These postcards are the later versions of what were called "Rally Cards," which were sent out to religious school children to goad them into attending Sunday school. I have lots of them going all the way back to the early 1900's, but these more recent ones, probably from the 1960's, are good examples of the chrome variety. If the dogs and the bees are attending Sunday School, can't you at least show up too?
Love this old linen postcard from Brownsville, PA. The Drive In Theater came first, then a restaurant, then the Fick's Motel, built by Isadore Ficks in 1953. The ‘L'-shaped structure was constructed of concrete block and contained twelve units, each with a large window, an excellent view and beautiful ceramic tile baths. The motel included a ‘Honeymoon Suite.' There was also a businessman's unit which contains both desk and typewriter. Speaker lines from the drive-in across Route 40 were connected to the motel, so the guests could also enjoy a movie by sitting outside in front of their room. They could see the screen and listen to the movie. What a nice image for a warm summer night! In any event, thank goodness this motel existed before spray paint and graffiti, if you know what I mean!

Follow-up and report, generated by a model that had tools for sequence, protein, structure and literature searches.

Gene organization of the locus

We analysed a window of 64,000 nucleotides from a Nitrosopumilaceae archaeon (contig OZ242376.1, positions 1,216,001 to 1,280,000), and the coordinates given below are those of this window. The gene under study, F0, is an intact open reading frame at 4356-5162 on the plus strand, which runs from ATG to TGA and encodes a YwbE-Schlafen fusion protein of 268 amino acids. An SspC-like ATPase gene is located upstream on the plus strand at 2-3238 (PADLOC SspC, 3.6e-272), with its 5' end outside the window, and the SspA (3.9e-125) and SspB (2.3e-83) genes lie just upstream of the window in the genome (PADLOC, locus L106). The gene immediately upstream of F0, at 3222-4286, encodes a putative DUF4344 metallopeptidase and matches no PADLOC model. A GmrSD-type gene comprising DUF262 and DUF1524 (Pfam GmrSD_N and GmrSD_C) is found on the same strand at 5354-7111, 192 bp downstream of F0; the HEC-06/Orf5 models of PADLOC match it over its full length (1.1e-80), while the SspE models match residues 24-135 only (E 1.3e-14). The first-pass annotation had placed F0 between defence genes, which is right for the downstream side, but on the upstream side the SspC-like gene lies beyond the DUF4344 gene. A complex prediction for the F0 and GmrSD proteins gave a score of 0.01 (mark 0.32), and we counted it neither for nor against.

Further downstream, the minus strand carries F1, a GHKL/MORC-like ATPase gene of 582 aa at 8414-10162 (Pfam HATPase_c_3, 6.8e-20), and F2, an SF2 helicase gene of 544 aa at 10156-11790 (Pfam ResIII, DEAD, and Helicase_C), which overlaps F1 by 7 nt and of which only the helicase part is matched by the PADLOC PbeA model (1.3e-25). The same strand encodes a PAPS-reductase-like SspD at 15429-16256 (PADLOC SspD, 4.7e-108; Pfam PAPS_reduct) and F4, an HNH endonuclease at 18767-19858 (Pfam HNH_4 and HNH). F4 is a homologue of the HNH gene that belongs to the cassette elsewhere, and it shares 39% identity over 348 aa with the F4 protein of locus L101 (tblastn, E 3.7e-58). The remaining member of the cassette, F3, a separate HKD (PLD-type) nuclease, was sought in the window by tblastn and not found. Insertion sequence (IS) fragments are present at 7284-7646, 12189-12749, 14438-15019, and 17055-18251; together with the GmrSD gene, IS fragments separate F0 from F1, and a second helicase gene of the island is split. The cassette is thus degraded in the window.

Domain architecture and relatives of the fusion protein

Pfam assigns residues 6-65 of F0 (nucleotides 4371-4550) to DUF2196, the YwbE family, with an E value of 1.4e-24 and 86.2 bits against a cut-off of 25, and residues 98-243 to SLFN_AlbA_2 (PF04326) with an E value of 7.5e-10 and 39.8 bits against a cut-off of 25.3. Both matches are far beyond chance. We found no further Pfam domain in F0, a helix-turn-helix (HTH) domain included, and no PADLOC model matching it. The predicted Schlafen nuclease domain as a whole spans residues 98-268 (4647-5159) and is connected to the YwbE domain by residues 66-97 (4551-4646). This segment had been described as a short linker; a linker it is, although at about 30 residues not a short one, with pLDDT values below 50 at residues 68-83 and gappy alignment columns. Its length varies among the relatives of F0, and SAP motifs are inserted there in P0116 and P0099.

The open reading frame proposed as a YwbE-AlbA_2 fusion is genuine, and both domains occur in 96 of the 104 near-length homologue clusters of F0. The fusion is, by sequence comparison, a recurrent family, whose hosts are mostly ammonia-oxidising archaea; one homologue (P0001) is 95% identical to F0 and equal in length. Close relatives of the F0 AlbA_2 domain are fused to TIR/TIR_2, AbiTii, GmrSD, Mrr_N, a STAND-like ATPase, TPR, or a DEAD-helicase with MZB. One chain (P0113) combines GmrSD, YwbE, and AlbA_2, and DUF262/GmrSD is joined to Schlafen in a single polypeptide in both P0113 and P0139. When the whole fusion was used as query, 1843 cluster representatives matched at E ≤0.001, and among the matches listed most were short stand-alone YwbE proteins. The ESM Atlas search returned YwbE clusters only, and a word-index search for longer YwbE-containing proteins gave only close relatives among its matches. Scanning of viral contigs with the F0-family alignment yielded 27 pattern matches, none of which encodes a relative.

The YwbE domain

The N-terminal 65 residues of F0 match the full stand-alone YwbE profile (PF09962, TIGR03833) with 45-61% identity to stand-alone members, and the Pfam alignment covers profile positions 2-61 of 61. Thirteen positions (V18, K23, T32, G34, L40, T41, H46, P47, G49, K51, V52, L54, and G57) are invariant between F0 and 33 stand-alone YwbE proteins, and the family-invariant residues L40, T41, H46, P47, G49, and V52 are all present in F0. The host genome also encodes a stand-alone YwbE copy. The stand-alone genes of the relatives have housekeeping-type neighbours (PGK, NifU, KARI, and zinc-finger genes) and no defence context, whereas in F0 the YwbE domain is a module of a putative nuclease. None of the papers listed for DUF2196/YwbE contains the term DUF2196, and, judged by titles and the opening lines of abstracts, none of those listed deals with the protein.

The Glass House Restaurant in South Hill, Virginia was unique, being built almost entirely of glass brick. According to the website of the newer, Glass House Grill nearby, the original opened in 1937 and stood for decades in the center of South Hill, Virginia on Highway #1, the main north/south artery along the East Coast. It served as the town's bus terminal and was the center of activity for the area. The building of the I-85 Interchange in the mid-1960's changed the traffic patterns and the Glass House Restaurant eventually closed. The building was purchased and renovated in 1974 by long-time South Hill resident, R.T. Arnold, to serve as the town's new library. The original structure was razed in 1999 to make way for the construction of the current library facilities. Another amazing building of the streamline era gone.
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